Church of the Holy Trinity

Southside Street, Plymouth - Built 1840 - Destroyed during the Blitz, 1941

All Saints, Harwell Street, Plymouth

Charles the Martyr, Plymouth

Christ Church, Eton Place, Plymouth

Holy Trinity, Southside Street, Plymouth

St Augustine’s, Alexandra Road, Lipson

St Boniface, Victoria Road, St Budeaux

St Catherine’s, Lockyer Street, Plymouth

St James the Less, Citadel Roadlymouth

St Luke, Tavistock Place, Plymouth

St Mary the Virgin and  St Mary Magdalene, Alvington Street, Cattedown

St Paul’s, Efford Lane, Plymouth

St Saviours, Lambhay Hill, Plymouth


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Resources for Family History



Holy Trinity

 Plan of Holy Trinity Church - 1843

History of Holy Trinity Church

The Church of the Holy Trinity was built in 1840 as a Chapel of Ease to St Andrew's Church by the Revd John Hatchard. It was to seat 1000 people.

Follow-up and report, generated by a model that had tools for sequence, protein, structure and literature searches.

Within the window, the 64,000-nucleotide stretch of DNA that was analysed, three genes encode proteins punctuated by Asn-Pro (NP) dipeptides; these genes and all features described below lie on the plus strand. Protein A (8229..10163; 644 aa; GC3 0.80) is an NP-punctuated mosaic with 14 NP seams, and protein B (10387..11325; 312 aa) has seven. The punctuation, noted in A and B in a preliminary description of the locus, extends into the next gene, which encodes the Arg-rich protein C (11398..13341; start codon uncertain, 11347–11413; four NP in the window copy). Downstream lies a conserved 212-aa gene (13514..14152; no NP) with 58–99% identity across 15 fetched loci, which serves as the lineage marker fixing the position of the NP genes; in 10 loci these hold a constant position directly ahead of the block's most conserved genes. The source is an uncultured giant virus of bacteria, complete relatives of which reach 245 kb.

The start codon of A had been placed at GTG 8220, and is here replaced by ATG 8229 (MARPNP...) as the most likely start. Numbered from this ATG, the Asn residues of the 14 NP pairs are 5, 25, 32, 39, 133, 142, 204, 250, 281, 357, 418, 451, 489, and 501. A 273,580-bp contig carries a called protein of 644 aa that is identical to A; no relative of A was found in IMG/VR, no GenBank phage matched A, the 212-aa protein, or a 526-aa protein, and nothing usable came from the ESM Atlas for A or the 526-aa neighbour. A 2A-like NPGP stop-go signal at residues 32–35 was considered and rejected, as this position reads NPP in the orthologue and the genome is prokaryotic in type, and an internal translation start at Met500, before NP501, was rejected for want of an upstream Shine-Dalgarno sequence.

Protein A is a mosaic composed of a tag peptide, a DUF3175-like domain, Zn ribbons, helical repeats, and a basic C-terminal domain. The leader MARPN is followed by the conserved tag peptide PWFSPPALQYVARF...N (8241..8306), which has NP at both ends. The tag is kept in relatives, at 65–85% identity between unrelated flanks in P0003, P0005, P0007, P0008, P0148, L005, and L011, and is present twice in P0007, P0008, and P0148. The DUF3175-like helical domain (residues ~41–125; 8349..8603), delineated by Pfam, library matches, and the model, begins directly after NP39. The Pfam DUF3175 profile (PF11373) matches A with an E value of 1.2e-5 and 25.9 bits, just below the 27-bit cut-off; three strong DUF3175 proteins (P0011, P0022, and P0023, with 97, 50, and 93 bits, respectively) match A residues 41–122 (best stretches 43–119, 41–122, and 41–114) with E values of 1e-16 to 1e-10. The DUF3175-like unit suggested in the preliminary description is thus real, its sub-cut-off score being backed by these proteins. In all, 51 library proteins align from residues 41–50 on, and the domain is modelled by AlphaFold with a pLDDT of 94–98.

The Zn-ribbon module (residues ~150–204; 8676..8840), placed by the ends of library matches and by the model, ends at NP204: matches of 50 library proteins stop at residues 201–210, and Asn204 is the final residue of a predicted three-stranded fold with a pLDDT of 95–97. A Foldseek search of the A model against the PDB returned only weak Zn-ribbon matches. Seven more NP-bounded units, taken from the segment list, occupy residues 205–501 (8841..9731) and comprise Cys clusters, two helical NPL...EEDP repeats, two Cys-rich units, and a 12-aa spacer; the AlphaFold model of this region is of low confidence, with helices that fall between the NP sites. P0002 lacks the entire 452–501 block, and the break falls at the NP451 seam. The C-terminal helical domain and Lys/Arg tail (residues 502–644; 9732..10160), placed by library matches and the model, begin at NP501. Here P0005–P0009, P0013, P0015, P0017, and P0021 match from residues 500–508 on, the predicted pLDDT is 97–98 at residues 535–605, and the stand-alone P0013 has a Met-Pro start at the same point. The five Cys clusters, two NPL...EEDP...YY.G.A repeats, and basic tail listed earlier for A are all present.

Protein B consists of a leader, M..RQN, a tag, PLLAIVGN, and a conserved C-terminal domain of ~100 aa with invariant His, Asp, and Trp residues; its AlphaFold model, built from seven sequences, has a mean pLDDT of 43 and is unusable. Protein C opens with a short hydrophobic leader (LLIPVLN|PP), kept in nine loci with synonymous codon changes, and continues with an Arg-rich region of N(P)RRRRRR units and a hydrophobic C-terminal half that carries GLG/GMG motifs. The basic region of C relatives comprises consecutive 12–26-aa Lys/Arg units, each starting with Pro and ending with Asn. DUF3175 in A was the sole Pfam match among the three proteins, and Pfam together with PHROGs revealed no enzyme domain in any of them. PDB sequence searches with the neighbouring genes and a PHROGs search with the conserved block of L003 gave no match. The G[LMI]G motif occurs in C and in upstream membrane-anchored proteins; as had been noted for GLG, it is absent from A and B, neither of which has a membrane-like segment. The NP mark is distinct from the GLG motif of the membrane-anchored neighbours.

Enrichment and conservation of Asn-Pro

The 'Chapel' became a Parish Church in 1842 and became the 'Mother Church' of St Saviour's on Lambhay Hill.

The Church was badly damaged during the Blitz of 1941 and was later totally demolished.

A view of Holy Trinty Church after its destruction in 1941

From the Plymouth Directory, 1938

"Holy Trinity is an ecclesiastical parish formed in 1842 from that of St Andrew. The church in Southside street and Friar's lane, was built in 1842, and is an edifice of stone, of the Doric order, consisting of chancel, nave, galleries, aisles, north porch and a tower on the north-west side: there are 1,000 sittings. The register dates from the year 1851.